Natasha's Dance: A Cultural History of Russia
History on a grand scale-an enchanting masterpiece that explores the making of one of the world's most vibrant civilizations
A People's Tragedy, wrote Eric Hobsbawm, did "more to help us understand the Russian Revolution than any other book I know." Now, in Natasha's Dance, internationally renowned historian Orlando Figes does the same for Russian culture, summoning the myriad elements that formed a nation and held it together.
Beginning in the eighteenth century with the building of St. Petersburg-a "window on the West"-and culminating with the challenges posed to Russian identity by the Soviet regime, Figes examines how writers, artists, and musicians grappled with the idea of Russia itself-its character, spiritual essence, and destiny. He skillfully interweaves the great works-by Dostoevsky, Stravinsky, and Chagall-with folk embroidery, peasant songs, religious icons, and all the customs of daily life, from food and drink to bathing habits to beliefs about the spirit world. Figes's characters range high and low: the revered Tolstoy, who left his deathbed to search for the Kingdom of God, as well as the serf girl Praskovya, who became Russian opera's first superstar and shocked society by becoming her owner's wife.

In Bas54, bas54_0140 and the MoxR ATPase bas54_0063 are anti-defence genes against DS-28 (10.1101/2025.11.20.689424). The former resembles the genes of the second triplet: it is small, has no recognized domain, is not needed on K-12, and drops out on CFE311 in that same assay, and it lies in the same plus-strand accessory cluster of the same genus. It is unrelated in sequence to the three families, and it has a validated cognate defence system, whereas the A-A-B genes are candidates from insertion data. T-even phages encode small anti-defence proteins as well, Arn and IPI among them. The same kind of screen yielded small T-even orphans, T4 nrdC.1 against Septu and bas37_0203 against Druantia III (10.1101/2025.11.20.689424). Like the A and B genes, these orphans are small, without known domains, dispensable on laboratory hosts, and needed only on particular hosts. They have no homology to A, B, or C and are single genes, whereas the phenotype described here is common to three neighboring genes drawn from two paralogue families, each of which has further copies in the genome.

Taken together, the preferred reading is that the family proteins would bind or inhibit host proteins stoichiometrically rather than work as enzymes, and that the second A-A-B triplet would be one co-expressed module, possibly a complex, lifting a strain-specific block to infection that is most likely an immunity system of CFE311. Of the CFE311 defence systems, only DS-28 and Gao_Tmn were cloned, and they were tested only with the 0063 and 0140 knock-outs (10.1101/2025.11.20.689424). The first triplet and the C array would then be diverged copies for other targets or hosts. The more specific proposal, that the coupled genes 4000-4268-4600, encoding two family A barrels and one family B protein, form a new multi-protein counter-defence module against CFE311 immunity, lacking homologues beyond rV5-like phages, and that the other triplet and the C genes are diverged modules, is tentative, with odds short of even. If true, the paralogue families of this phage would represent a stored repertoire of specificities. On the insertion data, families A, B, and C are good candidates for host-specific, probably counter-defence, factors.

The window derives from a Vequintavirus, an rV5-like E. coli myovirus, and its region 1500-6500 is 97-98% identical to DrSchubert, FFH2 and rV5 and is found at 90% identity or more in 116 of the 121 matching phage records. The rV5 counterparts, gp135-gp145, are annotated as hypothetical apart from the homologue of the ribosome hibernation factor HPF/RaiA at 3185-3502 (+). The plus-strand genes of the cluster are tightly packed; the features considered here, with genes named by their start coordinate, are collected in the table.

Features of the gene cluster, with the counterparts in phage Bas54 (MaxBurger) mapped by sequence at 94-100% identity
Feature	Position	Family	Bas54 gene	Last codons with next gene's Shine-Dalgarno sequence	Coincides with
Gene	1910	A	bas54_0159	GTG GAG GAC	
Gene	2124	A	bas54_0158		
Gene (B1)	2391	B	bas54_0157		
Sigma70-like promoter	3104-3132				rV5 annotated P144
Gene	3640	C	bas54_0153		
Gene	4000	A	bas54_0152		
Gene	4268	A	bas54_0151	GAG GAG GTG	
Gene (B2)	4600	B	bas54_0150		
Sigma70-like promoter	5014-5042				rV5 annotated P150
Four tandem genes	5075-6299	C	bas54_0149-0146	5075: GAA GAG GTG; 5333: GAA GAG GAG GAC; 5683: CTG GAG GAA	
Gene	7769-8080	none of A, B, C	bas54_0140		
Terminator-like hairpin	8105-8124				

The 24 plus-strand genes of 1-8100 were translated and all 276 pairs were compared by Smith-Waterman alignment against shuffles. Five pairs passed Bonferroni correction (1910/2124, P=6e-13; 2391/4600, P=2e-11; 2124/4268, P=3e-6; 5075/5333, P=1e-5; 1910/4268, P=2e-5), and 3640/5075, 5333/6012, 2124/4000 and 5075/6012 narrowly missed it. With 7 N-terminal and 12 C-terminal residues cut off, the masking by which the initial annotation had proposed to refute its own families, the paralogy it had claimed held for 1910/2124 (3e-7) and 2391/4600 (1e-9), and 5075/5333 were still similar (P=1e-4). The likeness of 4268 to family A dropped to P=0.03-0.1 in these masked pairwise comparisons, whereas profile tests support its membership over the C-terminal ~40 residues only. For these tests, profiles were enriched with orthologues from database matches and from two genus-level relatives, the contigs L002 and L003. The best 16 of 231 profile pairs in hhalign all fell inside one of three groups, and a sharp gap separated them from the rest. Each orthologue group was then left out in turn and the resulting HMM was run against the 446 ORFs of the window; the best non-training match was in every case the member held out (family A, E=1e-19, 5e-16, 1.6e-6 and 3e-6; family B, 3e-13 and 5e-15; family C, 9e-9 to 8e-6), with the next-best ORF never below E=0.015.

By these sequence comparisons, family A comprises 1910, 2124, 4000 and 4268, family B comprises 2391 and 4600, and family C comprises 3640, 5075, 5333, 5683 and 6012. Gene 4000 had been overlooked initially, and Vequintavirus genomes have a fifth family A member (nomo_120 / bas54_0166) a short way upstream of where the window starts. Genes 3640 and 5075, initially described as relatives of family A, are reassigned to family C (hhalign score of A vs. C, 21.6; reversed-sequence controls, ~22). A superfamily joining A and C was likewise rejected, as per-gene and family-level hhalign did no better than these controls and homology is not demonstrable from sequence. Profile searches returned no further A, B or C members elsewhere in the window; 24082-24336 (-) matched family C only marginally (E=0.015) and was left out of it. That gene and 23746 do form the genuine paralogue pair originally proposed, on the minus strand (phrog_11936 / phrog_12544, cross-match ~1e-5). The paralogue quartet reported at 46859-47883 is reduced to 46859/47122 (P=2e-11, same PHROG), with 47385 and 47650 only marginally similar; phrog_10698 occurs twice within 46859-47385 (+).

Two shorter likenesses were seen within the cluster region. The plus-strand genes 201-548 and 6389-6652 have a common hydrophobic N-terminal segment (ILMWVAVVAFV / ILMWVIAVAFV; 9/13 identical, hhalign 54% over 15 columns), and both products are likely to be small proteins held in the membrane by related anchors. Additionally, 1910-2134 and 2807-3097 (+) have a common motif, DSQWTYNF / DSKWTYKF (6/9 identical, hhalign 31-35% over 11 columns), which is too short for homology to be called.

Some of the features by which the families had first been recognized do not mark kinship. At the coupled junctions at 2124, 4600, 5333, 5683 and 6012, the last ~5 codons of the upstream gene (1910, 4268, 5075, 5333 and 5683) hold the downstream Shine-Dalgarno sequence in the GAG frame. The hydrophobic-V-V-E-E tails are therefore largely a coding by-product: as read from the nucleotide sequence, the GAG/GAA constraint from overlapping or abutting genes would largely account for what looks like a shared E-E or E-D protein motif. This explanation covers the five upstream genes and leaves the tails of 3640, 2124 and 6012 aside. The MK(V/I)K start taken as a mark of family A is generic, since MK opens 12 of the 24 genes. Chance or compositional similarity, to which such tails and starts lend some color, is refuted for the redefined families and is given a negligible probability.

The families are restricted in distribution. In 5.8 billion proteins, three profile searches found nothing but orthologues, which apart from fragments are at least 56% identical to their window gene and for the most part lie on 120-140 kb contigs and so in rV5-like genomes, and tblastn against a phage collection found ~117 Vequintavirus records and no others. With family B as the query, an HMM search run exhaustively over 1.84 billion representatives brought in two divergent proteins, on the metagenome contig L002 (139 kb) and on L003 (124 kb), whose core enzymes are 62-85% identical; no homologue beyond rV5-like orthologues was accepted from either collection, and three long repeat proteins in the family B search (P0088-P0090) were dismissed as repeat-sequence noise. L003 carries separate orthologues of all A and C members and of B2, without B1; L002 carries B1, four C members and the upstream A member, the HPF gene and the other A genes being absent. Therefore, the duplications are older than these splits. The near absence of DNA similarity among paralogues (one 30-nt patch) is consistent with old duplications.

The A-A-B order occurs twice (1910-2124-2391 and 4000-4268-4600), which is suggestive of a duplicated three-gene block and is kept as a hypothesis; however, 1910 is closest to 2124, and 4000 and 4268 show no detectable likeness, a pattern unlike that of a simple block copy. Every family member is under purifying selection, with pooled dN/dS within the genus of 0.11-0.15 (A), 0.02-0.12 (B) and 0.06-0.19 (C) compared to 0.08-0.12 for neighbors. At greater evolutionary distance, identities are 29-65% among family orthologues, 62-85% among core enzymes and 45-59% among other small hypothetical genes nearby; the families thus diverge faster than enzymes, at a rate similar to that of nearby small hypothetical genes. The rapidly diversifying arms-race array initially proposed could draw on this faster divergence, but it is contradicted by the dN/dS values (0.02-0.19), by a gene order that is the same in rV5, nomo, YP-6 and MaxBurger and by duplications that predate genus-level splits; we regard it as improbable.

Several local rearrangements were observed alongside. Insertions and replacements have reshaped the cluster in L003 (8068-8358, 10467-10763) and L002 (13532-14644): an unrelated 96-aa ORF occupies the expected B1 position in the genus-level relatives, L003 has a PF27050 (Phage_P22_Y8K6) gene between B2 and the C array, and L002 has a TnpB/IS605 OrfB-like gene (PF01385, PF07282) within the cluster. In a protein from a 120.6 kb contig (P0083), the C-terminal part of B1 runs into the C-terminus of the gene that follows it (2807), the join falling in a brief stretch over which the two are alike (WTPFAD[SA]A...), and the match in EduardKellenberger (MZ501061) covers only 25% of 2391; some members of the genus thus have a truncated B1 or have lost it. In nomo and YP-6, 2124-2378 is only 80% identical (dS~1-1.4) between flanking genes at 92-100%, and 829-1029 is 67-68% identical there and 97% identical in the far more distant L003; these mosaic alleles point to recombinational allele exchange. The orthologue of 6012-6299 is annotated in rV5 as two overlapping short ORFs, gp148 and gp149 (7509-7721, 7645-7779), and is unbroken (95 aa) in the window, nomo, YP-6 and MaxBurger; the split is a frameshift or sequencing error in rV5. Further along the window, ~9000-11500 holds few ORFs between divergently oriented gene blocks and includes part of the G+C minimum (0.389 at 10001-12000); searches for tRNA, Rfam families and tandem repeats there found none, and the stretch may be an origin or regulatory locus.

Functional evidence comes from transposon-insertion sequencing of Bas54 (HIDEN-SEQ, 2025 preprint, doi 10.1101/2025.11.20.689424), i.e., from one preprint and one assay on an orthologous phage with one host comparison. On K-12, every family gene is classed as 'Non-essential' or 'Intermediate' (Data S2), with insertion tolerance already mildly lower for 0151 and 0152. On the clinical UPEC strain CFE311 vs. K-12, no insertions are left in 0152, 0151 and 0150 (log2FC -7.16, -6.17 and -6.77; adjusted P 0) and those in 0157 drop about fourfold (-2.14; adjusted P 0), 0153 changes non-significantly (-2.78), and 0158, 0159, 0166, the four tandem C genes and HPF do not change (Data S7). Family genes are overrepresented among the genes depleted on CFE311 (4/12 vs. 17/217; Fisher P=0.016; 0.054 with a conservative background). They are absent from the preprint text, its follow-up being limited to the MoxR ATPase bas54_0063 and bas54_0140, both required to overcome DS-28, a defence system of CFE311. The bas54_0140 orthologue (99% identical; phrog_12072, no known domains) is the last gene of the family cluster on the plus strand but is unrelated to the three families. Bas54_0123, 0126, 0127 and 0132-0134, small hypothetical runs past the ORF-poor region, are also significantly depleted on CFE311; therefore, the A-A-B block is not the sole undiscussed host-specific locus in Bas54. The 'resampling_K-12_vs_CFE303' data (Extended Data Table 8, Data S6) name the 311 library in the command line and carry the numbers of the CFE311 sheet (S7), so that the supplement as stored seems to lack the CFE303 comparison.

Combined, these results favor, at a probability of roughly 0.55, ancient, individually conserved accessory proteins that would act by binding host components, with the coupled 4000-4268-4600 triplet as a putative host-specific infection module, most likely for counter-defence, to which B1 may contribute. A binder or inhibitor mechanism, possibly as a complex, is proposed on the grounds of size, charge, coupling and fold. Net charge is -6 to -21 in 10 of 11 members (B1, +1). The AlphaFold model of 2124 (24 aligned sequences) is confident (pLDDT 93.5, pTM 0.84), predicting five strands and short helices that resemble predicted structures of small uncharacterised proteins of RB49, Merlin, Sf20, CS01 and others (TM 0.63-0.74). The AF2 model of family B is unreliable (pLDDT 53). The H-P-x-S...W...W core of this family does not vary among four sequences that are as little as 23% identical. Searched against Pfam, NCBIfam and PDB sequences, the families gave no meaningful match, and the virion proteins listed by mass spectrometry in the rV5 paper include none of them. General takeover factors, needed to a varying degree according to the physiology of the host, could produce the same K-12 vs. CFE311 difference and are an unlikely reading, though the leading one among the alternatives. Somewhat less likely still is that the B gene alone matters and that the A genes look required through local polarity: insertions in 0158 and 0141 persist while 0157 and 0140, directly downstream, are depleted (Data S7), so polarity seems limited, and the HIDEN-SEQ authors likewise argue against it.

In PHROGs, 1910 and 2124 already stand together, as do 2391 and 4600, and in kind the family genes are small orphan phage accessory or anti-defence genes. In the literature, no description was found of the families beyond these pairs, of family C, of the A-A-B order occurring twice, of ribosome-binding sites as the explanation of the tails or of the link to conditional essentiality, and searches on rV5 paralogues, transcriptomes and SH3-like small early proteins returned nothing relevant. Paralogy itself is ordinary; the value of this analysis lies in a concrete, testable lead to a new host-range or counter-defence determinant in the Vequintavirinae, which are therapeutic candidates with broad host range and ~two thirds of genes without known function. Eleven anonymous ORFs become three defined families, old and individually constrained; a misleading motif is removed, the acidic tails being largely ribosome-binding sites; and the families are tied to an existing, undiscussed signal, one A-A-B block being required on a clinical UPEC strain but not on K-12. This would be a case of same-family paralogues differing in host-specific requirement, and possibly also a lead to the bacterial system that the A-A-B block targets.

Like the European-schooled countess Natasha performing an impromptu folk dance in Tolstoy's War and Peace, the spirit of "Russianness" is revealed by Figes as rich and uplifting, complex and contradictory-a powerful force that unified a vast country and proved more lasting than any Russian ruler or state.
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NATASHA'S DANCE: A Cultural History of RussiaUser Review - Jane Doe - Kirkus
An immensely learned, ambitious effort to view Russian history through the lens of its arts, music, and literature.A skilled practitioner of both narrative and intellectual history, Figes (History ... Read full review
LibraryThing ReviewUser Review - fourbears - LibraryThing
I'm tempted to say that this is a great book because like Russian art it has a soul, but that sounds presumptuous since I've not an expert on any Russian art and I've never been to Russia. But I've ... Read full review